The Swiss like butter on both sides of their toast.
Headquartered in Lausanne, half an hour’s train ride from the World Health Organisation in Geneva, you’ll find the headquarters of the world’s most profitable tobacco company, Philip Morris International (PMI).
Makers of Marlboro and other global brands.
A few years ago, at the end of a very long interview, held in the PMI Boardroom, I asked a senior PMI executive what he would most like to tell the public health community.
This gentleman, although friendly and accommodating, had smoked all over me for three solid hours.
“I would like the public health community to try to spend some time listening to what Philip Morris has to say and to see whether or not we can reach some kind of agreement… I think if we continue to fight as opposed to try to reach an accord, we’re losing an opportunity, and I think that Philip Morris has a lot to offer that can help shape and develop regulation, but the public health community has [got] to get beyond its pre-conceived notion that anything that Philip Morris or any other tobacco company proposes is immediately suspect and inappropriate. That would be my number one concern…”
The wish of this PMI executive was the same as that of every other tobacco executive I spoke to: he wanted governments and public health advocates to listen to his company. He wanted to partner with the public health community, he wanted a role in shaping policy and regulation. He wanted “the war” to end.
Philip Morris International may be a step closer to this aim with the launch of a new entity called the Foundation for a smoke-free World.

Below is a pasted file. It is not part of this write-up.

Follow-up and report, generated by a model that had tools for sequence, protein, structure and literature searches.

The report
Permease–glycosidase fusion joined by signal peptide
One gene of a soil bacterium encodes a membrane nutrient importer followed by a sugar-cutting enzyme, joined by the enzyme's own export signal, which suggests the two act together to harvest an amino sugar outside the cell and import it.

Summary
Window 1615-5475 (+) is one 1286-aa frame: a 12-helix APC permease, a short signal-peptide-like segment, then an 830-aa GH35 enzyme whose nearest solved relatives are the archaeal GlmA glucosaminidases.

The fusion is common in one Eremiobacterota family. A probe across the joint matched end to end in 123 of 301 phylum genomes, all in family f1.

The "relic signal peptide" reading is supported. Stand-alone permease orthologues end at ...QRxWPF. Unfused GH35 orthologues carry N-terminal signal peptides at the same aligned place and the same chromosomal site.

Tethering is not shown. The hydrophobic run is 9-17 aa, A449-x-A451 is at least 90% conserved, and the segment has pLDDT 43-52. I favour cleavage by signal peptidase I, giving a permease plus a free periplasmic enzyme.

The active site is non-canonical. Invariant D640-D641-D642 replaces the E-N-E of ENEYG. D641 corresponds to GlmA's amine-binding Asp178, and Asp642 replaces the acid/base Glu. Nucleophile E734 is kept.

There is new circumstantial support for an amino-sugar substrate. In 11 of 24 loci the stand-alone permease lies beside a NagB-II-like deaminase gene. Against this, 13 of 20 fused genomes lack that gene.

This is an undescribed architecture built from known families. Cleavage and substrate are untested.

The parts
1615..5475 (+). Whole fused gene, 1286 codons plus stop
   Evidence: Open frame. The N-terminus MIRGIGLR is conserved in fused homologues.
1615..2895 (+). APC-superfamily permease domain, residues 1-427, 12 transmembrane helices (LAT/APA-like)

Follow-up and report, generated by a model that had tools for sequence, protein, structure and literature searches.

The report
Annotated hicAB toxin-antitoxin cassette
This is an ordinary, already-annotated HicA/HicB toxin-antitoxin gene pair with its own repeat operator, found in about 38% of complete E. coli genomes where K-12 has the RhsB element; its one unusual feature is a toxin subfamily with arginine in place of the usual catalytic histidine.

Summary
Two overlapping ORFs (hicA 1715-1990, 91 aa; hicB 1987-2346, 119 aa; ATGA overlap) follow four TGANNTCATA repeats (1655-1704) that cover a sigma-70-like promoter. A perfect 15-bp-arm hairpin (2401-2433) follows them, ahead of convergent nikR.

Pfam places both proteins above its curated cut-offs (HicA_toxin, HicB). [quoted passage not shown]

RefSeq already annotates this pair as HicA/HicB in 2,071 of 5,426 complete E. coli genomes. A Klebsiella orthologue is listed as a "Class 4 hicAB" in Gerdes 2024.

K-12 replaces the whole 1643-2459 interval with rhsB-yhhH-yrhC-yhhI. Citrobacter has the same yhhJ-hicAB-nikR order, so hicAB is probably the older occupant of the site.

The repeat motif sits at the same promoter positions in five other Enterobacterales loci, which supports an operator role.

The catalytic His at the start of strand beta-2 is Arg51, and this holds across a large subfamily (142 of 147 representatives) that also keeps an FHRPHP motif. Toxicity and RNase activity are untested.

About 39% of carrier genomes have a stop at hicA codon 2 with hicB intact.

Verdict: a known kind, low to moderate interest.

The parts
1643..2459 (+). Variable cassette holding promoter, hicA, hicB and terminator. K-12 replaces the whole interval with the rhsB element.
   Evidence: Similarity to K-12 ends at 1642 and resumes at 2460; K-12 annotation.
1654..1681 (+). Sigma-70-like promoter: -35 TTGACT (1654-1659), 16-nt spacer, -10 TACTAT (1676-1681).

Foundation for a Smoke-Free World
Founded by Derek Yach, the former head of the WHO’s Tobacco Free Initiative, the Foundation was launched with a promise of US$80 million funding per year for 12 years from PMI.
The aims of the Foundation are to “advance smoking cessation and harm-reduction science and technology”. These aims appear suitably aligned with PMI’s strategy of eventually replacing cigarettes with smoke-free products, and in order to get there, lobbying governments to give preferential treatment to non-combustible recreational nicotine products.
PMI’s website states that: “we don’t agree that banning cigarettes makes sense for smokers or for society at large.”
But speaking of the success of IQOS (a heated tobacco product manufactured by PMI) in South Korea and Japan, PMI CEO André Calantzopoulos suggests that in five years, as users of heated devices outnumber smokers, “That is when we could start talking to governments about phasing out combustible cigarettes entirely.”
They’ve taken their time sharing it with us, but according to Philip Morris, there is an answer to the tobacco epidemic. It seems you won’t find it in the World Health Organisation’s Framework Convention on Tobacco Control, nor in generations of experience with evidence-based tobacco control laws and policies.
Rather, the answer lies elsewhere:
In particular, PMI wants smokers to start using IQOS, the first of four smoke-free products it is (apparently) building its future on.
Of course, PMI needs governments to play their part as well.
Which is why, I suspect, substantial funding to the Foundation for a Smoke-free World makes sense at this time.
The centrepiece of the Foundation’s claim to independence is the article on scientific integrity in its by-laws, which states:
“The goal of the Corporation is to promote and support significant scientific research that advances the field of tobacco harm reduction and reduces the public health burden of smoking-related diseases. The Corporation shall not take into account the potential impact of that research on the image of the tobacco industry or any other industry or commercial entity”.
That sounds good, doesn’t it, if they can manage it?
The problem is that the funding for this Foundation would appear to depend on annual or periodic renewal by a tobacco multinational.
And that is howlingly significant.
The existence of the Foundation, certainly its size and clout, will depend on how the activities and results of the Foundation appeal to PMI’s board.